Trump signs order prohibiting transactions with ByteDance

The order deems TikTok as a "threat" to national security because of its Chinese ownership

US President Donald Trump signed an executive order on Thursday which will ban all US citizens from carrying out transactions with ByteDance, the China-based parent company of TikTok. It isn’t effective immediately, but has a 45-day deadline.

The order comes as Microsoft is considering buying the US wing of TikTok's operations from ByteDance and has set a 45-day timeline for the deal, in a move that Trump has backed. As Microsoft pledged, discussions should be concluded by 15 September. Trump’s new order is set to take effect 45 days after its release or 20 September - just after the deadline set for negotiations in the Microsoft deal.

The executive order seemed to aim to either force a sale to a US company or lead to a ban on the app in the US.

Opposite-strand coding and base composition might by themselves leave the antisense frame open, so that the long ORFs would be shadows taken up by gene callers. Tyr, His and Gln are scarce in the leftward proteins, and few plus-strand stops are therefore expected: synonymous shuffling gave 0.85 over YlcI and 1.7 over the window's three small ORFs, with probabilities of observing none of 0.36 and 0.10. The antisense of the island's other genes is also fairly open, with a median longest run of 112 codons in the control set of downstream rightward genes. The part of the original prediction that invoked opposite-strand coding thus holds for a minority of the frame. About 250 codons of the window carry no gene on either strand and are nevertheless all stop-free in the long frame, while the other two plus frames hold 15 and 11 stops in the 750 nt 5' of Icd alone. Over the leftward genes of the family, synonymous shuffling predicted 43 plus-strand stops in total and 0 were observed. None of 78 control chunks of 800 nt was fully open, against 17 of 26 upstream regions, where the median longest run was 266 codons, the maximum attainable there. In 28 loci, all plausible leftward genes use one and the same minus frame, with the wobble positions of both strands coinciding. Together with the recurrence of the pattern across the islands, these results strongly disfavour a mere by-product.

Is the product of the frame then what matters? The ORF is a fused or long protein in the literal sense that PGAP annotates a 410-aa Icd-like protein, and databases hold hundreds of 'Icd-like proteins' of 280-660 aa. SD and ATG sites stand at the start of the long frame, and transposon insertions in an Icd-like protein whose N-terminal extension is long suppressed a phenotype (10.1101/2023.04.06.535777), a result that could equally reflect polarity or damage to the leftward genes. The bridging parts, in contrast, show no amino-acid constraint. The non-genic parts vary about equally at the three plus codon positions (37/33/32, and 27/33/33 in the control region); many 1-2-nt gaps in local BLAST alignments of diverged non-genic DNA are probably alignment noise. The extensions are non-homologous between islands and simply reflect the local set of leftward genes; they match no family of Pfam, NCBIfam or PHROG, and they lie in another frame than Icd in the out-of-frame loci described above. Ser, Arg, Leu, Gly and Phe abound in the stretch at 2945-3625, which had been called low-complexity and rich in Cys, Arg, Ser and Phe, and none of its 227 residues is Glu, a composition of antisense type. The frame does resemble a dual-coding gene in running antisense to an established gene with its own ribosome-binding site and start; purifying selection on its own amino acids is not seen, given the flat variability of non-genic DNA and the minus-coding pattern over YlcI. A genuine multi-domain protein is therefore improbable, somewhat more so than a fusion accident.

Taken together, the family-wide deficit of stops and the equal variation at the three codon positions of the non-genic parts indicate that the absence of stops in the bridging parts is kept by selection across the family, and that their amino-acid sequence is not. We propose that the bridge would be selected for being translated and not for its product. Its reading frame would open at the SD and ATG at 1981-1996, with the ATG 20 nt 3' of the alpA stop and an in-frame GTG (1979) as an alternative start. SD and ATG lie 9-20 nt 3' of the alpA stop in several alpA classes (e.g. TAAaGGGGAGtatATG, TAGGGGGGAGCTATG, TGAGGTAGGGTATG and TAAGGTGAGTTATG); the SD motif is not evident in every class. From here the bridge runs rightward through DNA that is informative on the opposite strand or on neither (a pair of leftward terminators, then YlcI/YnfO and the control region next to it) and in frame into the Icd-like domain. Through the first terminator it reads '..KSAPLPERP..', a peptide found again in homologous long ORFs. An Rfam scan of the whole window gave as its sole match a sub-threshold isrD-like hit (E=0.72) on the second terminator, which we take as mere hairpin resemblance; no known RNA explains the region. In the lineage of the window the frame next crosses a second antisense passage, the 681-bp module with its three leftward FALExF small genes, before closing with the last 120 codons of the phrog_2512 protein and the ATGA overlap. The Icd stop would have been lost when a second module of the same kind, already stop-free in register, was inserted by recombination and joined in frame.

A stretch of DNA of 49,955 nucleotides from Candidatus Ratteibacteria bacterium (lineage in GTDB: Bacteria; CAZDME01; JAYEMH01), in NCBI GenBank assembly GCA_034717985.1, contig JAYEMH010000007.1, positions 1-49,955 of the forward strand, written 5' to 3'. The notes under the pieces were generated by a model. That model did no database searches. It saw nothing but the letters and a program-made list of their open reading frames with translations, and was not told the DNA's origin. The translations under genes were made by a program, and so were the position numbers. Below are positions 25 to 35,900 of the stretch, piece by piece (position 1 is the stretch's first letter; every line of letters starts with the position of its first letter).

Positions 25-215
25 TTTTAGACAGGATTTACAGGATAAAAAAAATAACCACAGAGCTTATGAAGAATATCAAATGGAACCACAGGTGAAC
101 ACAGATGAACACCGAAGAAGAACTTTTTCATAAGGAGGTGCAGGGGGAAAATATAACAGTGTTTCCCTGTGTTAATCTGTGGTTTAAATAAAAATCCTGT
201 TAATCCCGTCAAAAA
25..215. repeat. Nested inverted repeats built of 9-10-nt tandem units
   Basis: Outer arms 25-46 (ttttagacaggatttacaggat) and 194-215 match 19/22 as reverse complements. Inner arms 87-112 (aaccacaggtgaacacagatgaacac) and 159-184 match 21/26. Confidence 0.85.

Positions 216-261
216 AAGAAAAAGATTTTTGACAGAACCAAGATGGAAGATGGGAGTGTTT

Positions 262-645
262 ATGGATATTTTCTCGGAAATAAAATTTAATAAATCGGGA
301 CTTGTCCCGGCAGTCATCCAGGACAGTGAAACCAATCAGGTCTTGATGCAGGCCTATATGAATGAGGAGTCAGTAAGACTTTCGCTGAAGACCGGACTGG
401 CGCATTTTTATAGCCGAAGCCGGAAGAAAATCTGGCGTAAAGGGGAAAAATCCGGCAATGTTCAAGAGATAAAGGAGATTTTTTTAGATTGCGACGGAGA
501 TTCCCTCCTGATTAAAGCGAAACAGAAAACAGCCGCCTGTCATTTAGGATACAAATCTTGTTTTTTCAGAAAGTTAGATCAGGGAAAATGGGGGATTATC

The order deemed TikTok a "threat" to national security and cited automatic data collection by the popular video-focused social media app.

"This data collection threatens to allow the Chinese Communist Party access to Americans' personal and proprietary information," the order said. "The United States must take aggressive action against the owners of TikTok to protect our national security."

Trump told reporters on Monday in the White House that, without a sale to a "secure" US company, TikTok "will be out of business in the United States." Trump threatened last week to ban the app outright until the Microsoft option emerged.

The president also insisted the deal with Microsoft should lead to a financial windfall for the US Treasury, without offering more details, and raising eyebrows in Washington. 

TikTok allows users to create short videos - often with some basic effects and music - and has become increasingly popular, particularly among a younger demographic.

The military has already banned its use and Congress is passing legislation to ban federal workers from downloading it onto their official devices.

Trump also signed a second executive order with similar rules for WeChat, another Chinese app that is very popular in China's mainland and other countries but has a limited audience in the US.

TikTik says it does not officially operate in mainland China and has insisted that while it has a large operation in Beijing it has a US chief executive and is strongly tied to the country.

Similar articles